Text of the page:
LeeB 11-18-2007 06:07 AM

<BLOCKQUOTE class="ip-ubbcode-quote"><div class="ip-ubbcode-quote-title">quote:</div><div class="ip-ubbcode-quote-content">rgrstndgby </div></BLOCKQUOTE>
You said a mouth full and I agree 100%... It also apply's to many things in life sometimes saving a few bucks up front is not worth it in the end... Not to mention the peace of mind knowing that you have a Brand New Motor and the warranty to go along with it.

FrontRangeRVer 11-18-2007 05:21 PM

Max49's wife should be Wife of the Year! https://irv2.infopop.cc/images/sign0013.gif

max49 11-18-2007 07:51 PM

<BLOCKQUOTE class="ip-ubbcode-quote"><div class="ip-ubbcode-quote-title">quote:</div><div class="ip-ubbcode-quote-content">Originally posted by FrontRangeRVer:
Max49's wife should be Wife of the Year! https://irv2.infopop.cc/images/sign0013.gif </div></BLOCKQUOTE>
huh?

TandW 11-18-2007 08:25 PM

Re: motor flushes. Are you still burning out your breather pipe on the ground with a little bit of gas? How 'bout pouring some water down the carb to get the carbon out? When I was young we'd see "spun rod bearings" as a result of doing "hole shots". Abuse. Pure and simple. One day the ECM will record "black box" information and you won't have to worry about collecting repair/service receipts. Just can't sleep right now!!

FrontRangeRVer 11-18-2007 08:29 PM

Just kidding with you Max...drive it and dont worry about it. https://irv2.infopop.cc/groupee_commo.../icon_cool.gif

dieselclacker 11-19-2007 06:18 AM

<BLOCKQUOTE class="ip-ubbcode-quote"><div class="ip-ubbcode-quote-title">quote:</div><div class="ip-ubbcode-quote-content">Originally posted by T&W:
Re: motor flushes. Are you still burning out your breather pipe on the ground with a little bit of gas? How 'bout pouring some water down the carb to get the carbon out? When I was young we'd see "spun rod bearings" as a result of doing "hole shots". Abuse. Pure and simple. One day the ECM will record "black box" information and you won't have to worry about collecting repair/service receipts. Just can't sleep right now!! </div></BLOCKQUOTE>

Your telling your age Chief!! https://irv2.infopop.cc/groupee_commo.../icon_razz.gif

Dieselclacker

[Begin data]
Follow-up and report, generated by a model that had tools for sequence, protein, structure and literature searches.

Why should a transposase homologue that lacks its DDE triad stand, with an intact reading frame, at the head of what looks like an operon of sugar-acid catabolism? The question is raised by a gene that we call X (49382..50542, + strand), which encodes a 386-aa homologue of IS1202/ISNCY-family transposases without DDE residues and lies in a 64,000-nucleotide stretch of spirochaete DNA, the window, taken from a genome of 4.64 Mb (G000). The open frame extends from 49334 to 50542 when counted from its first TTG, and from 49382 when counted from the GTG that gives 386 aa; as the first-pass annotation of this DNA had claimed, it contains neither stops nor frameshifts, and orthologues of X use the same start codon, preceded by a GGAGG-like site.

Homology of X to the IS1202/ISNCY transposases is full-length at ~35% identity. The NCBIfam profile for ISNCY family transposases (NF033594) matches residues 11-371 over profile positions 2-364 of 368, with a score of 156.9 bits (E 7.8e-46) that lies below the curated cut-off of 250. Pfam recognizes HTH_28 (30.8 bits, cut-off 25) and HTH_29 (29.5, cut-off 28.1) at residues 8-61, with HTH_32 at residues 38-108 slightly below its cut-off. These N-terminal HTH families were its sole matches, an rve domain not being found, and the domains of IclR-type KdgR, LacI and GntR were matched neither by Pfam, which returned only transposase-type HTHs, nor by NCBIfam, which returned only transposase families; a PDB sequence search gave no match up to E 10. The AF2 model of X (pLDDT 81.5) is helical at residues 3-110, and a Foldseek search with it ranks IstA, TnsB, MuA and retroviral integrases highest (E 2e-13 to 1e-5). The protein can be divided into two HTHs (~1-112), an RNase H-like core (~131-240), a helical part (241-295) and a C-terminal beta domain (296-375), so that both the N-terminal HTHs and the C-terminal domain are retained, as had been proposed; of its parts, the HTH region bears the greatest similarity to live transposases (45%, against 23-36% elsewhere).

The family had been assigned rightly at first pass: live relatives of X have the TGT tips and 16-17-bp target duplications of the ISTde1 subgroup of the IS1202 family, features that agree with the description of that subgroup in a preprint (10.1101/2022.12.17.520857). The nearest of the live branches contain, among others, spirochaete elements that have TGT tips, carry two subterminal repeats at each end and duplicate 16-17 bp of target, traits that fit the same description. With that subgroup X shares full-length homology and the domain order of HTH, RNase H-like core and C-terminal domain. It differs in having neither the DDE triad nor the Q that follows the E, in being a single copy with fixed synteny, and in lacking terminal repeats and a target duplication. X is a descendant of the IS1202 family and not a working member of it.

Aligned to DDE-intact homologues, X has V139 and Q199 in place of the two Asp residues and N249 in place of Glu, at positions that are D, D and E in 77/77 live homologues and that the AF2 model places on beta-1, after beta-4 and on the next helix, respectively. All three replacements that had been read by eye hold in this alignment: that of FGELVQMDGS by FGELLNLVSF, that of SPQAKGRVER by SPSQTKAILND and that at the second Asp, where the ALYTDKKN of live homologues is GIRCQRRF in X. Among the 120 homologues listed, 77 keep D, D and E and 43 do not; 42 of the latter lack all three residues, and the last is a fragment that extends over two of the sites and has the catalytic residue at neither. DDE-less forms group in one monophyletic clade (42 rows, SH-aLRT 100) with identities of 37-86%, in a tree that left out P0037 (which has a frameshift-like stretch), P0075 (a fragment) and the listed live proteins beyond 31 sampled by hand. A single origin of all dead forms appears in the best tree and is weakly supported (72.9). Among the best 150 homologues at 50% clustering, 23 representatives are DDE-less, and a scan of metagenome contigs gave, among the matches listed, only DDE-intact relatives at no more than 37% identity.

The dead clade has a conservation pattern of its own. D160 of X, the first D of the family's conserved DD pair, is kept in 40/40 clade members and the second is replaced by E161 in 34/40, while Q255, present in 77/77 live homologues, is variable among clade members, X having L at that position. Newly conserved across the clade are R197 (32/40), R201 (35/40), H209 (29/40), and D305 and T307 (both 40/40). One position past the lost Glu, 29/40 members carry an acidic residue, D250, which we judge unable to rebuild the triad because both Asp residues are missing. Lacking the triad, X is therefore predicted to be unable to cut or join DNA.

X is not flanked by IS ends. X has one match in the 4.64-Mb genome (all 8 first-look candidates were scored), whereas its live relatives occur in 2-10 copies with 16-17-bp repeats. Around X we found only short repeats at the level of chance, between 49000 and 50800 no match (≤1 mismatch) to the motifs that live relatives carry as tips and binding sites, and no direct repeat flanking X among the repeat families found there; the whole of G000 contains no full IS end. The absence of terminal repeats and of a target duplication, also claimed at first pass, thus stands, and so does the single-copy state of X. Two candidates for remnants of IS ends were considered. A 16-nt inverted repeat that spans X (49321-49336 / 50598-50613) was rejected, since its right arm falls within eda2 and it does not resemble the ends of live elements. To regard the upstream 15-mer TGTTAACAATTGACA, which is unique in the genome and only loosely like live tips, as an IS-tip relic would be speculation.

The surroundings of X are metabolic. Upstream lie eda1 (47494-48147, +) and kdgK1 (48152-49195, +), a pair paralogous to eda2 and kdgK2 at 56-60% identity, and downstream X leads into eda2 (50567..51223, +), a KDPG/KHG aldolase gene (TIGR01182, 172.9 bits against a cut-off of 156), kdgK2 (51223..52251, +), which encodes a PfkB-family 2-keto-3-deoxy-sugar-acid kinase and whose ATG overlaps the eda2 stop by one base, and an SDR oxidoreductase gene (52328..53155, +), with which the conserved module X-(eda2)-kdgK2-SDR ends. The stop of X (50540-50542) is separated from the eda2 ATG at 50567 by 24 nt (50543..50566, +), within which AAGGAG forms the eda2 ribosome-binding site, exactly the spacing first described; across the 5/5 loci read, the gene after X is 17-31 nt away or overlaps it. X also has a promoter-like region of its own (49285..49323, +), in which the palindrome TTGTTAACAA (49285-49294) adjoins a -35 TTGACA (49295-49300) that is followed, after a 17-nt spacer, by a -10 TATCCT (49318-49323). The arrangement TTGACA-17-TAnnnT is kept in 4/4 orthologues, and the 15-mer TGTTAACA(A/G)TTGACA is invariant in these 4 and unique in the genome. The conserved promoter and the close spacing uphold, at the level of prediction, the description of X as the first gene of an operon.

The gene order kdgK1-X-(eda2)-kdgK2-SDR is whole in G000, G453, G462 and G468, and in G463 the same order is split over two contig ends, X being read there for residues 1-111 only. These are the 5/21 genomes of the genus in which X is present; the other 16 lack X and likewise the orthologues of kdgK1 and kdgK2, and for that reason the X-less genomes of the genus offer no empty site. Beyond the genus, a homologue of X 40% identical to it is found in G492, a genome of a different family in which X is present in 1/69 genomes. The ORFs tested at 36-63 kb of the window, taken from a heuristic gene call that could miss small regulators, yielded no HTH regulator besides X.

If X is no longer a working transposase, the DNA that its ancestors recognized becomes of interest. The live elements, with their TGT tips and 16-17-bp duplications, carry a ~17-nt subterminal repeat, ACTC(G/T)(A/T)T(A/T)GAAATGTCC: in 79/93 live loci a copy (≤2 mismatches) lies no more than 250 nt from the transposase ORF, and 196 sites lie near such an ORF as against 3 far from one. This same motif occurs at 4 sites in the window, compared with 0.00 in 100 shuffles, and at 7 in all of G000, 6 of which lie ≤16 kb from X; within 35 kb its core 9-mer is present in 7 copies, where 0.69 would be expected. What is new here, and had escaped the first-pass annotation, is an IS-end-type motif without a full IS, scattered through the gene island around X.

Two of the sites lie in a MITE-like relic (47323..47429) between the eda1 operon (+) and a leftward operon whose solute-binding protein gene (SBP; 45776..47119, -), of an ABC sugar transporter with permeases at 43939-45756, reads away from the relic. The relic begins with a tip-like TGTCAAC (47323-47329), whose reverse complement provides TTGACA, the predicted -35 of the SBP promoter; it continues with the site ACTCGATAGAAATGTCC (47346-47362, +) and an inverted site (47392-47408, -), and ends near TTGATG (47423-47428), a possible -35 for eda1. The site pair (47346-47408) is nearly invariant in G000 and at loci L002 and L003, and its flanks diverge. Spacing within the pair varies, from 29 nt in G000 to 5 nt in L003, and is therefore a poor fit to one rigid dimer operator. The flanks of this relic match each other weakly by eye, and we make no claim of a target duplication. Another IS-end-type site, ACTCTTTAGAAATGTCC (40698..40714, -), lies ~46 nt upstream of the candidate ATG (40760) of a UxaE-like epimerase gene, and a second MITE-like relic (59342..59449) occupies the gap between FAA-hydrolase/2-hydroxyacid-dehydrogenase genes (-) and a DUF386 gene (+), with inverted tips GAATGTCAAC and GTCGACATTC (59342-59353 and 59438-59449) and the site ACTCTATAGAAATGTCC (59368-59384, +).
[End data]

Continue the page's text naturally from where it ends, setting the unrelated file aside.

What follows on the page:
NeilV 11-19-2007 10:49 PM

<BLOCKQUOTE class="ip-ubbcode-quote"><div class="ip-ubbcode-quote-title">quote:</div><div class="ip-ubbcode-quote-content">Originally posted by dieselclacker:
<BLOCKQUOTE class="ip-ubbcode-quote"><div class="ip-ubbcode-quote-title">quote:</div><div class="ip-ubbcode-quote-content">Originally posted by T&W:
Re: motor flushes. Are you still burning out your breather pipe on the ground with a little bit of gas? How 'bout pouring some water down the carb to get the carbon out? When I was young we'd see "spun rod bearings" as a result of doing "hole shots". Abuse. Pure and simple. One day the ECM will record "black box" information and you won't have to worry about collecting repair/service receipts. Just can't sleep right now!! </div></BLOCKQUOTE>

Your telling your age Chief!! https://irv2.infopop.cc/groupee_commo.../icon_razz.gif

Dieselclacker </div></BLOCKQUOTE>

How about when we had to add kerosene to our transmissions and differentials in the winter.

Don't pour water anymore got one of those new style Gumout Kits that you hang from the hood that slowly empties a pint of Gumout down your intake for you. Still have one in the original wrapper.

Argosy 11-20-2007 03:47 AM

<BLOCKQUOTE class="ip-ubbcode-quote"><div class="ip-ubbcode-quote-title">quote:</div><div class="ip-ubbcode-quote-content">Scene #2, Joe says, I can get a welded crank, warranteed for 3/36000, new rod, piston, rings and bearings in 1 hole, </div></BLOCKQUOTE>